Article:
Idiopathic nephrotic syndrome in children, management

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Objectives

Clinical questions answered by this guideline:

  1.    What is the recommended approach to initial investigation and diagnosis?
  2.    What are the referral criteria for atypical cases?
  3.    What is an appropriate initial steroid treatment regimen?
  4.    What other management strategies are recommended at initial presentation?
  5.    What are the best-practice treatments of complications of nephrotic syndrome?
  6.    Use of albumin infusion
  7.    Management of hypertension
  8.    Management of infection, including vaccination
  9.    Venous thrombosis
  10.    What are the recommended management strategies for relapsing nephrotic syndrome?
  11.    What follow-up and monitoring do nephrotic syndrome patients require? 

Scope

Children with idiopathic nephrotic syndrome.

Audience

This document provides information on the investigation, treatment and management of nephrotic syndrome in children at initial presentation and in relapse of the condition.  The guideline applies to children throughout Scotland with typical idiopathic nephrotic syndrome. The guideline may not be relevant to the management of children with atypical presentations and does not apply to children with congenital nephrotic syndrome, steroid resistant nephrotic syndrome and nephrotic syndrome secondary to other systemic disease (e.g. SLE) or other structural glomerular disease (e.g. Alport Syndrome).  

This document is intended for use by all health professionals (for example, doctors, nurses, dieticians and pharmacists) who look after children with nephrotic syndrome within Scotland. 

Definition and initial features of Nephrotic Syndrome

This document relates only to the management of idiopathic nephrotic syndrome in childhood. The features that characterise nephrotic syndrome result from a glomerular capillary leak causing heavy loss of protein traditionally defined as >1g/m2/day, but currently quantified using urine protein (or albumin) creatinine ratio on a first early morning urine. Children who present with the typical features of nephrotic syndrome are generally responsive to steroid treatment and are likely to show minimal changes on histology, although biopsy is not usually indicated. 

Children with typical features are started on steroids without renal biopsy. Steroid responsiveness is a better indicator than histology of long term outcome for renal function.

95% of patients with Minimal Change Nephrotic Syndrome (MCNS) and 20% with Focal Segmental Glomerulosclerosis (FSGS) achieve remission after an 8week course of prednisone (60 mg/m2 daily for 4 weeks then 40 mg/m2 on alternate days for 4 weeks). For MCNS patients 75% achieve remission by 2 weeks.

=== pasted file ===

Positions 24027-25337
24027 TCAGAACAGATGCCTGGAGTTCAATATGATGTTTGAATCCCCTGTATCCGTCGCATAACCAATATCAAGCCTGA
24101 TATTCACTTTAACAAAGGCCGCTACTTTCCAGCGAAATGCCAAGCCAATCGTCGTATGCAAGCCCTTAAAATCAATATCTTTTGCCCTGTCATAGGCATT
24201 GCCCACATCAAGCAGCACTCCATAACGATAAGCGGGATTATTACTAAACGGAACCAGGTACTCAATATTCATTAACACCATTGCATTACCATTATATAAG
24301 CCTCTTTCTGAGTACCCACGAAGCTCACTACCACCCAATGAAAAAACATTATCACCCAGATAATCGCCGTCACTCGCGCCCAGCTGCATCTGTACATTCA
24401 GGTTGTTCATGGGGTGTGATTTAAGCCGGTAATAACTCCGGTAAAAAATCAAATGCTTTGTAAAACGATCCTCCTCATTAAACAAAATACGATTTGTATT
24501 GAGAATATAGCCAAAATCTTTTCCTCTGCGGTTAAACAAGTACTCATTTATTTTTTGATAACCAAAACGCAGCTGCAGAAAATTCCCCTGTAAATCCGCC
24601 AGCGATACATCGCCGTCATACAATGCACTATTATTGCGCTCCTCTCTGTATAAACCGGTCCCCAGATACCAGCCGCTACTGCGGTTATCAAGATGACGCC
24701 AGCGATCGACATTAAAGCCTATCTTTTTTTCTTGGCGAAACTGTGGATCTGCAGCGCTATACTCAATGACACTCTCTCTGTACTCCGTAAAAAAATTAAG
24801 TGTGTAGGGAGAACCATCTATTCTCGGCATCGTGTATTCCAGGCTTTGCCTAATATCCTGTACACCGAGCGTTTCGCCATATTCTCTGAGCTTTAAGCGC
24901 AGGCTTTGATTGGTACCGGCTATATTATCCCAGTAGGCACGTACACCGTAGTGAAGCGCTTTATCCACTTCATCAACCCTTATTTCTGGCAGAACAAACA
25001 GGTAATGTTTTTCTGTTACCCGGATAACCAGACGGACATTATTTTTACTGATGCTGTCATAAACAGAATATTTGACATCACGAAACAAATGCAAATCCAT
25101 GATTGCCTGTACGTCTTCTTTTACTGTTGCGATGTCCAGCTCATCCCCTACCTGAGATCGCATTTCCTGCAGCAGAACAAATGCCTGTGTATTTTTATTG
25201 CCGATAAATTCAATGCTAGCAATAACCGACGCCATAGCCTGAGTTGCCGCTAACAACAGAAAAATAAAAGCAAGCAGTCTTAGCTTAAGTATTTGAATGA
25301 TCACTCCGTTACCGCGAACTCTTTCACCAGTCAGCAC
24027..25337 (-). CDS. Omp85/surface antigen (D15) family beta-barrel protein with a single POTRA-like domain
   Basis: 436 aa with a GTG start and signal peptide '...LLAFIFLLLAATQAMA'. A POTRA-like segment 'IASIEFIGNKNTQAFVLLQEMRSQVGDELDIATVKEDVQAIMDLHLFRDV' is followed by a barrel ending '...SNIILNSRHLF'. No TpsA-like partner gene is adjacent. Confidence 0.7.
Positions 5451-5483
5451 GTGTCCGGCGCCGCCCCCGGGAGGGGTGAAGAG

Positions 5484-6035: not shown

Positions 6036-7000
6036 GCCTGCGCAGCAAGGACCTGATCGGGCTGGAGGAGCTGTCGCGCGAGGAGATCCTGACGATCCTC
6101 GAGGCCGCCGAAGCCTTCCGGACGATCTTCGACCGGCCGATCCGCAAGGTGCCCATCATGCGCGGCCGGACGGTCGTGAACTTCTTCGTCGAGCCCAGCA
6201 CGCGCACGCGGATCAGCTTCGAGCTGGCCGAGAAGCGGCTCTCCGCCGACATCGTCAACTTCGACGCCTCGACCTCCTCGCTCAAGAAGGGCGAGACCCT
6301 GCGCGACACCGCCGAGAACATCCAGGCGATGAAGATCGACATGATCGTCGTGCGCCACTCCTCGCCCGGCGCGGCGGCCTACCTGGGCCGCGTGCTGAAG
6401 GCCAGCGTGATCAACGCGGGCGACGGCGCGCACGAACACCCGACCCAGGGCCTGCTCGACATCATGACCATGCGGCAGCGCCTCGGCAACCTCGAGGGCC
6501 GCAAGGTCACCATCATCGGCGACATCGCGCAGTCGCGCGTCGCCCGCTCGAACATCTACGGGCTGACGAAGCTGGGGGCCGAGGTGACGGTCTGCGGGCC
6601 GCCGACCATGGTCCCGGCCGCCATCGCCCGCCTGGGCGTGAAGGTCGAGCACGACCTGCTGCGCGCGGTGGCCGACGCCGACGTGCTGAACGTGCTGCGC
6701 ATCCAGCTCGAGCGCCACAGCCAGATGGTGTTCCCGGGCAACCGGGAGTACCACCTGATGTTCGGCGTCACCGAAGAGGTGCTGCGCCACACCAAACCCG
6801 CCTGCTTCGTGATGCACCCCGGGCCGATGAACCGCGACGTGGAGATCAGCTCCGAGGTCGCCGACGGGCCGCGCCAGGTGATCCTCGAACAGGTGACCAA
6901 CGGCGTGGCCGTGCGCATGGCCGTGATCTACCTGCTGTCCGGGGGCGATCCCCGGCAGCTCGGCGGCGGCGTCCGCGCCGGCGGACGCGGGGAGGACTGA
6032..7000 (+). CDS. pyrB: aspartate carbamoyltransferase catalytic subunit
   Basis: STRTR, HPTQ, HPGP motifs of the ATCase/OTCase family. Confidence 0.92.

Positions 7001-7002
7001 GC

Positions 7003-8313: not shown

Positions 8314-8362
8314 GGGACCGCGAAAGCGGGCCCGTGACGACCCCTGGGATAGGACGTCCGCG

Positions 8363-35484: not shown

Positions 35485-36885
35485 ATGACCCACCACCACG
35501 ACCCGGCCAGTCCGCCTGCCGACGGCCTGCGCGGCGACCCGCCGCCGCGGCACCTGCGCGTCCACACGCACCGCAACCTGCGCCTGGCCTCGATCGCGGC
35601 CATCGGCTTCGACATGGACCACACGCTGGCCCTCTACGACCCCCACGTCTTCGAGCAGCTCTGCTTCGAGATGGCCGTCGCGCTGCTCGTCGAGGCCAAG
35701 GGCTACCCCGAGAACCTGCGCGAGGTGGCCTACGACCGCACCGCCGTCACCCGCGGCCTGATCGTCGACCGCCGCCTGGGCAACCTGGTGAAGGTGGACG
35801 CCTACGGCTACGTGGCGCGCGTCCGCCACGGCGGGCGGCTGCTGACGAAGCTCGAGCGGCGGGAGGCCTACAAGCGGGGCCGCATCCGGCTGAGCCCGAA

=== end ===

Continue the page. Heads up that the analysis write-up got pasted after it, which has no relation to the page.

Those with atypical features are more likely to be unresponsive to steroid treatment. Those with atypical features at presentation should be discussed early with a paediatric nephrologist. A renal biopsy may be indicated before receiving steroid treatment. 

Characteristic diagnostic features

  • Nephrotic range proteinuria
    • Suspect for urine ‘stix’ testing > ++.
    • Quantify as urine protein:creatinine (P:CR) >200mg/mmol. 
  • Hypoalbuminaemia
    • serum albumin <25 g/l 
  • Generalised oedema 

Initial presenting clinical features

Onset of oedema may be insidious. Features include

  • Peri-orbital swelling
  • Ankle and lower limb swelling – pitting oedema
  • Abdominal swelling and scrotal/vulval oedema
  • Less commonly
    • frank haematuria
    • frothy urine

The findings of fluid retention and heavy proteinuria in a child should lead to an urgent referral to the local general paediatric department.  

Classification 

  • Idiopathic (primary) nephrotic syndrome 
    • Minimal change (MCNS) (80-90%) 
    • Focal segmental glomerulosclerosis (FSGS) (10-20%)
      An increased incidence of FSGS is reported over the last 3 decades. 
  •   Secondary nephrotic syndrome (HSP, SLE, MPGN) 
  •   Congenital nephrotic syndrome 

For further reviews see:

  1. Eddy and Symons. Nephrotic syndrome in childhood (Seminar)Lancet, 2003
  2. Oxford Specialist Handbook: Paediatric Nephrology
  3. Hahn D, Hodson EM, Willis, Narelle S, Craig JC. Corticosteroid therapy for nephrotic syndrome in children. Cochrane Database of Systematic Reviews, 2015.
  4. Pravitsitthikul N, Willis NS, Hodson EM, Craig JC. Non-corticosteroid immunosuppressive medications for steroid-sensitive nephrotic syndrome in children. Cochrane Database of Systematic Reviews, 2013 
Initial Assessment and Investigation at presentation

Confirm diagnostic and presenting features (see above). 

Initial clinical assessment to include: 

  • Height, weight, surface area
  • Volume status
    • Perfusion
    • Capillary refill